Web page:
Hotel in Willits gets Basalt’s OK
The Basalt Town Council voted 6-0 Tuesday night to approve a tax subsidy to help the Willits Town Center developer build a hotel.
The only question is whether future customers of the hotel or town residents will pay for the subsidy.
The council agreed to send a question to the ballot in November that will ask town voters to approve an additional 2 percent lodging tax. If approved, Mariner Real Estate Management, owner of Willits Town Center, would get to use the revenues generated by its 113-room hotel for 10 years to offset its construction costs.
If the ballot question fails, the council agreed that it would give Mariner a $500,000 lump sum payment out of the town’s general fund in 2015 as a tax subsidy. The reasoning was the hotel would boost sales tax revenues and economic vitality of the town.
The assumption is voters would rather have hotel guests subsidizing the hotel than town taxpayers.
“I think voters are smart enough to pass a tax so it isn’t coming out of their pockets,” said Councilman Rob Leavitt.
Mayor Jacque Whitsitt raised the only concerns among the council about the proposal. She said it feels “a little bit like blackmail” to tell voters the tax subsidy will come out of the town’s coffers if the lodging tax increase isn’t approved.
“That doesn’t pass the stink test to me,” Whitsitt said. She said she would prefer working to get the 2 percent lodging tax approved without a connection to the town’s general tax subsidy.
“This is a hot topic,” said Bruce Kimmell, the town’s consultant on public finance issues, referring to the subsidy. He said the town has provided subsidies “time and time again” through fee waivers or other concessions. Most of those cases involved nonprofit entities.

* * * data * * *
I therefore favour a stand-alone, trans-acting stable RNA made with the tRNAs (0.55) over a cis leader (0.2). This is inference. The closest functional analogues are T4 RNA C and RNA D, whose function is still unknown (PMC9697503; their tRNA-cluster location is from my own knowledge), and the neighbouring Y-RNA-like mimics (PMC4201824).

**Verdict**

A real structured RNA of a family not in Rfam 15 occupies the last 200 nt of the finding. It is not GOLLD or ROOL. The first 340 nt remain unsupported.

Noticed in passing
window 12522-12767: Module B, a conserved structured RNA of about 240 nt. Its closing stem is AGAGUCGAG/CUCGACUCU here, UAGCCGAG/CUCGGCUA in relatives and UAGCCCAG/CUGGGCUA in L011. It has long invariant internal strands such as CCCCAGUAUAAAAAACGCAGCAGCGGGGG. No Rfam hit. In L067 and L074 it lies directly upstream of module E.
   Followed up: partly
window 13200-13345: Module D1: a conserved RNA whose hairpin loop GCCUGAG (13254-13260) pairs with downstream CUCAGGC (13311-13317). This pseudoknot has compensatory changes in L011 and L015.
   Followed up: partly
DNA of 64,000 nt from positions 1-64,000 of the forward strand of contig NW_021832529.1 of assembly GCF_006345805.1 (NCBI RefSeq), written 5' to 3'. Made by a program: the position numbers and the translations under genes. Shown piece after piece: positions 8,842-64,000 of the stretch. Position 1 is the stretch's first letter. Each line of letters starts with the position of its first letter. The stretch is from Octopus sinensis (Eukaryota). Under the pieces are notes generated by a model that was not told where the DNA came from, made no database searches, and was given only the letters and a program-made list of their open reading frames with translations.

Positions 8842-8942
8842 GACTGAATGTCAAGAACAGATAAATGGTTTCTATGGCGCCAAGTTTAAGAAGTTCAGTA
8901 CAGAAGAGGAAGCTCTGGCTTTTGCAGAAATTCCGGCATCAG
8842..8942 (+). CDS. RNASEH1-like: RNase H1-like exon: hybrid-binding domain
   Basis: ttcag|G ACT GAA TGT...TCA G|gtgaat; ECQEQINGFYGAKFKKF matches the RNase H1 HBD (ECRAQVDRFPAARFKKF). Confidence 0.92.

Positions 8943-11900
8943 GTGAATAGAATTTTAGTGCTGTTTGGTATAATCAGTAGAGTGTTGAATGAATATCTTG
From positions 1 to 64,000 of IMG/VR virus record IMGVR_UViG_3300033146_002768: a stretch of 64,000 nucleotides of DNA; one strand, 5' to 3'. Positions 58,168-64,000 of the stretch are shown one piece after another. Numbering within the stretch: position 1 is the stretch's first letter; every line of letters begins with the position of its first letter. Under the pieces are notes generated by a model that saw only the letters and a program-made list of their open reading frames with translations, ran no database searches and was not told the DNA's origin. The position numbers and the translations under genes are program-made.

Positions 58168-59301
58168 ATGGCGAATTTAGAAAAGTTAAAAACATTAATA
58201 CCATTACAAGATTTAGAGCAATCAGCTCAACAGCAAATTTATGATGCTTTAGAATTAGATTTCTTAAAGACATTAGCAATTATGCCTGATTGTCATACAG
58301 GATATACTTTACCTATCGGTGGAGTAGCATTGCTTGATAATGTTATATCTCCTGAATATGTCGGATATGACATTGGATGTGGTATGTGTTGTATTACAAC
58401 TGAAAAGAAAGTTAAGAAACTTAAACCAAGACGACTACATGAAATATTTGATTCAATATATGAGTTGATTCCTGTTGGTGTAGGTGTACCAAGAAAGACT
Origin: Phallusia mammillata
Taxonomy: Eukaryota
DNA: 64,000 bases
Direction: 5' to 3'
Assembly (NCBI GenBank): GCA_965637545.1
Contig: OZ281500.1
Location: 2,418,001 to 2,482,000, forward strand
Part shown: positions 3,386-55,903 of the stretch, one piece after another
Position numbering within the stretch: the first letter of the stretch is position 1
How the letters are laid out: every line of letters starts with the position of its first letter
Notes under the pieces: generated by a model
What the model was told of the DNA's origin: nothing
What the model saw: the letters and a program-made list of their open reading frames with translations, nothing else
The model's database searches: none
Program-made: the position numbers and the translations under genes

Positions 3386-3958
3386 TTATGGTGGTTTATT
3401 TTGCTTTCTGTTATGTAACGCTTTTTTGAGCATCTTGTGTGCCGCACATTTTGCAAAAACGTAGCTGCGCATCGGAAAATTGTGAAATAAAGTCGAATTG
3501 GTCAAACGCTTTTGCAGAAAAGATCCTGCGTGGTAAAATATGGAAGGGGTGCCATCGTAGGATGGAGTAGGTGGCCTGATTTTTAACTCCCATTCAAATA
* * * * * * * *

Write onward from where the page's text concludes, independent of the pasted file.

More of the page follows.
Basalt has an existing 2 percent lodging tax. The revenues go to the town government coffers to market Basalt and provide other benefits. The existing revenues aren’t subject to the subsidy.
If a new 2 percent lodging tax is approved, other lodge operators could use it to improve their properties. The Green Drake owners, for example, are currently upgrading their downtown hotel. The owners will be able to apply to use revenues their hotel generates to offset their investment, if the new tax is passed.
There are also important caveats tied to any tax subsidy that Mariner receives. Mariner must start construction of a 50-unit affordable housing project by the time the hotel is completed or it won’t be eligible to receive any subsidy. It is anticipated that the hotel will be completed by spring 2015.
Mariner must also come to an agreement that provides dedicated parking for public transit to earn the subsidy, though the deadline was vague.
The hotel issue generated about eight comments from members of the public attending the council meeting. Most speakers were in favor of the proposal.
Cole Sjoholm, the chairman of Basalt Chamber of Commerce’s board of directors, said the return on investment for the community will far outweigh the tax subsidy. “We need to get going on this. The time is now,” he said.
But audience member Adam Fink said the time isn’t right if the hotel requires a public subsidy to make it work for the developers. He urged the council to wait until there was enough market demand that an operator would proposed a deal to Mariner that didn’t require a subsidy.
“This is a great state of affairs for a developer,” Fink said. It’s not so great for the community, he added.
Council members were clearly pleased with the proposal. Councilman Rick Stevens said there has never been a development proposal in the Roaring Fork Valley that resolves issues with a hotel, parking and affordable housing.
Councilman Herschel Ross said he liked how Mariner wouldn’t receive proceeds from the lodging tax or the town’s general fund if it didn’t start construction of the required affordable housing.
“That is definitely holding their feet to the fire,” Ross said. “I sure feel better than when I started the day.”
Whitsitt also got over her reservations about the proposed ballot question being “blackmail.”
“There was no commitment to the affordable housing (before). There is now,” she said.
Town Assistant Manager Judi Tippetts and Kimmel hammered out the proposal with Mariner’s development team.
It was approved by Whitsitt, Leavitt, Stevens, Ross and councilmen Mark Kittle and Glenn Rappaport. Councilwoman Karin Teague wasn’t able to attend the meeting.
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Basalt town government officials feared the worse when the coronavirus struck and soured the economy. They figured the town coffers would suffer a huge blow. Instead, sales tax collections have surged above the amount at this time last year.